Stan Brooks In Memoriam
UPDATE: Stan passed away on December 23, 2013 at 86 years of age.
Stan Brooks is a 1010 WINS original…literally. In late 1964, when Stan was News Director of then “top-40” 1010 WINS, he was approached by Westinghouse management and trusted with an enormous secret. 1010 WINS was going all news, and he would be in charge of the news department. Working in secrecy, Stan assembled the air and editorial staffs, worked out the format, and on April 19, 1965 launched 1010 WINS as America’s first successful all-news station.
Born in New York, Stan graduated from Syracuse University and worked as a reporter and editor at Newsday for 11 years before joining WINS in 1962. After several years of heading the news department, Stan decided to return to the work he loves best – reporting.
While some consider Stan Brooks to be the City Hall reporter at 1010 WINS, the fact is Stan goes wherever the news is. From the jailing of Jimmy Hoffa, to Attica, to the Crash of TWA Flight 800, Stan has covered it all for 1010 WINS. Luckily for us, Stan’s still out there combining his 5 decades of reporting experience with an enthusiasm hard to find in a cub reporter these days.
By the way, Stan is the dad of renowned jazz musician George Brooks, who has his own website at http://www.georgebrooks.com.
The company announced Tuesday that its flagship store in Herald Square will undergo a four-year, $400 million renovation beginning next spring.
There could be a showdown in Zuccotti Park between Occupy Wall Street protesters and the park’s owners after campers were seen putting tents back up.
The group said the policy unfairly targets black and Hispanic men as they lined up near City Hall Park and marched across the Brooklyn Bridge.
Councilman Lewis Fidler is concerned and argues that spending cuts or raising taxes are not sufficient answers to the problem.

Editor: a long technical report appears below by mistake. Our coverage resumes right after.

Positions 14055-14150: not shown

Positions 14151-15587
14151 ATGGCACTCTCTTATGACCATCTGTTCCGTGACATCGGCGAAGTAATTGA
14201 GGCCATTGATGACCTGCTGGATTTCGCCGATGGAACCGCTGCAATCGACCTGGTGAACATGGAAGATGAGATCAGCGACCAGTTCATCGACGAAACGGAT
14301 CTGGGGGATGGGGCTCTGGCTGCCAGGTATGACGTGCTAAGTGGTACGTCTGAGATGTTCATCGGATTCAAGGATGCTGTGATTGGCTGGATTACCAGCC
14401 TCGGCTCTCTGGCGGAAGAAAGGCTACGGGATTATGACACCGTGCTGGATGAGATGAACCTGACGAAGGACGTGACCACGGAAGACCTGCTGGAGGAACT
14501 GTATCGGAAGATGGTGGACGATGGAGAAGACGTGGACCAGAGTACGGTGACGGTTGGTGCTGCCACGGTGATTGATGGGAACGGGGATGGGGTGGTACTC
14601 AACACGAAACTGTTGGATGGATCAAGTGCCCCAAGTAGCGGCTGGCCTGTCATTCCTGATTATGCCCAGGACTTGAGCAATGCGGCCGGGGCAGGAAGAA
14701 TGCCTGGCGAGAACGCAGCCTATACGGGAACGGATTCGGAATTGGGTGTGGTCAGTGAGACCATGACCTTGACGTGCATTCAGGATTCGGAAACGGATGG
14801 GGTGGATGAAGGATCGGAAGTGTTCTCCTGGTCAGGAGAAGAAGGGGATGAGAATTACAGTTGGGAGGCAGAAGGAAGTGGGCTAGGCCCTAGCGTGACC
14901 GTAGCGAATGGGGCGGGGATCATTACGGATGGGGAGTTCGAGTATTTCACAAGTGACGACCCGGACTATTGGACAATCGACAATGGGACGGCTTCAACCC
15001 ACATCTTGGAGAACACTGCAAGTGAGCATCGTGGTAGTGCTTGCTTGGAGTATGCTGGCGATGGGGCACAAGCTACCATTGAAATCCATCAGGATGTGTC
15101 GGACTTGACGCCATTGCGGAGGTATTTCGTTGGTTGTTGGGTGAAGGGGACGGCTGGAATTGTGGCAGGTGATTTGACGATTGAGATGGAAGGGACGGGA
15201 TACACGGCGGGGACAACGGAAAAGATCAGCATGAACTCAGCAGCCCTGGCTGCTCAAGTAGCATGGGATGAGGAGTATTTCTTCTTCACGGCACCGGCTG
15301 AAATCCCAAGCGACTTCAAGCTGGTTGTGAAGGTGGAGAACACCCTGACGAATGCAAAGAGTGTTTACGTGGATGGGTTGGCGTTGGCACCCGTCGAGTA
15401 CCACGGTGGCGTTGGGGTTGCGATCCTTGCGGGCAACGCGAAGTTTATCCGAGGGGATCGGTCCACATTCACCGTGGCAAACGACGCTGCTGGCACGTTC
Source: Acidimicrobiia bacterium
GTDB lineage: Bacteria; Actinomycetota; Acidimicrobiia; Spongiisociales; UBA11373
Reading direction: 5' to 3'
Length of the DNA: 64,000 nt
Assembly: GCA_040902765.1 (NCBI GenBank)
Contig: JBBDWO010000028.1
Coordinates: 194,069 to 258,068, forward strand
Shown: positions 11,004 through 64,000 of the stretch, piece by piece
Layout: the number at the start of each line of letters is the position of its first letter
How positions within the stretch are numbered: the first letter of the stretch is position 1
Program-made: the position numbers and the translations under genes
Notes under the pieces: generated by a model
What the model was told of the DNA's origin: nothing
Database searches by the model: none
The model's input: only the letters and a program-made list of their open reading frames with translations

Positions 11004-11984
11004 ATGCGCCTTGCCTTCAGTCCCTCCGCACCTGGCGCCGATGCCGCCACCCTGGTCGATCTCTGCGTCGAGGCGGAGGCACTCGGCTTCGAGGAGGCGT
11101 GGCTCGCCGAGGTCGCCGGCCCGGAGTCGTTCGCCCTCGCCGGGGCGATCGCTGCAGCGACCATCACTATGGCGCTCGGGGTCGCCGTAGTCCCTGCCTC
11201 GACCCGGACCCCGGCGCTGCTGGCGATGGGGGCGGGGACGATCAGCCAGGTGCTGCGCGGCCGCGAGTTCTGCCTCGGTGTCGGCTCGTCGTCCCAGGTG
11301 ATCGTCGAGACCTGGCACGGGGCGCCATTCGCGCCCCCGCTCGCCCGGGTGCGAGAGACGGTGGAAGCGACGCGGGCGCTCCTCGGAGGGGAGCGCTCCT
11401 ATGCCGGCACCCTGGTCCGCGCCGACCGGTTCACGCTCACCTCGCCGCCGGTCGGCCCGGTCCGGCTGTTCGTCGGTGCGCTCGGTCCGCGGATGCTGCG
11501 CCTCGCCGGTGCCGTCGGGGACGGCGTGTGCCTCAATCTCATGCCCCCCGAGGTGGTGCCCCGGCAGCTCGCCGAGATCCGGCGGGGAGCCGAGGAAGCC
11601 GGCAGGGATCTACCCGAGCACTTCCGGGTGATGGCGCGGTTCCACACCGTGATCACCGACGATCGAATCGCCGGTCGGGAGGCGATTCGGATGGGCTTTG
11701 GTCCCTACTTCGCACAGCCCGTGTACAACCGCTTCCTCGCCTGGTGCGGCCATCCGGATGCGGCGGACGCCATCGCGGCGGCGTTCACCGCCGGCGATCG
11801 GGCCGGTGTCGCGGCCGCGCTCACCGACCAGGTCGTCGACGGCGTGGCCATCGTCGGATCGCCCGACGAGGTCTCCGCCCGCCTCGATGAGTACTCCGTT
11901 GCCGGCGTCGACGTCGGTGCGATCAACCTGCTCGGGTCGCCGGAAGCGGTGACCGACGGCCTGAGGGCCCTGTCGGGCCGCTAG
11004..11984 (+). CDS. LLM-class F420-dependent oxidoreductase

The drivers shouted “Fix the bill!” and hoisted signs that said “This bill kills jobs!” Working cabbies honked in solidarity as they cruised up Third Avenue.
Hundreds of livery drivers rallied outside of Gov. Andrew Cuomo’s office Wednesday demanding the governor sign into law the bill making it legal for them to pick up street hails.
Jay-Z and the Nets are in a Brooklyn state of mind. But not everyone was impressed with the team’s media blitz tip off.
The mayor said he thinks “we’ll get this done.” But earlier this week, Cuomo said support for the bill “appears to be dissipating” and the more times goes on, the more concerns are raised, according to the governor.
With the bike share program, DOT Commissioner Janette Sadik-Khan the city is reinventing the wheel by providing an affordable and 24-hour accessible transportation alternative.
Education Department inspectors found bedbugs at P.S. 70 last winter, but never notified anyone, 1010 WINS’ Stan Brooks reported.
Mayor Bloomberg called the record-breaking 23 series being filmed in the city impressive considering the difficult state of the economy.
A free concert that was cancelled back in June because of severe thunderstorms and lightning has been rescheduled for Sept. 30.
Members of his family remembered the fateful day back in March of 1996, when Abe Lebewohl was robbed and shot in broad daylight as he walked to a bank to make a deposit.
Joseph Salvo, of the New York City Department of Planning, told 1010 WINS’ Stan Brooks “there is no question that there was an error in the enumeration” with regards to the assessment in Bay Ridge, Bensonhurst, Astoria and Jackson Heights.
In New York City, 43.9 percent of students met or exceeded the English proficiency standard. That’s up from 42.4 percent last year. In math, 57.3 percent of city students were proficient, up from 54 percent last year.
Jimmy McMillan, the man who ran for New York governor because “the rent is too damn high,” claims he’s being kicked out of his rent-controlled Manhattan apartment so his landlord can charge a new tenant more money.
A New York City company is hoping to turn a little plot of green space into lots of green dollar bills.
The tests that allow as many as 5,000 New York City students to graduate in January were canceled this year because of the state budget deficit.
For the past two weeks, construction worker Gary Russo has carted his karaoke kit from his home in Queens to sing some Frank Sinatra and Bobby Darin classics during his 30-minute lunch break.
Trail-Blazing Brooklyn Police Officers Make History As First African-American Females To Lead Precinct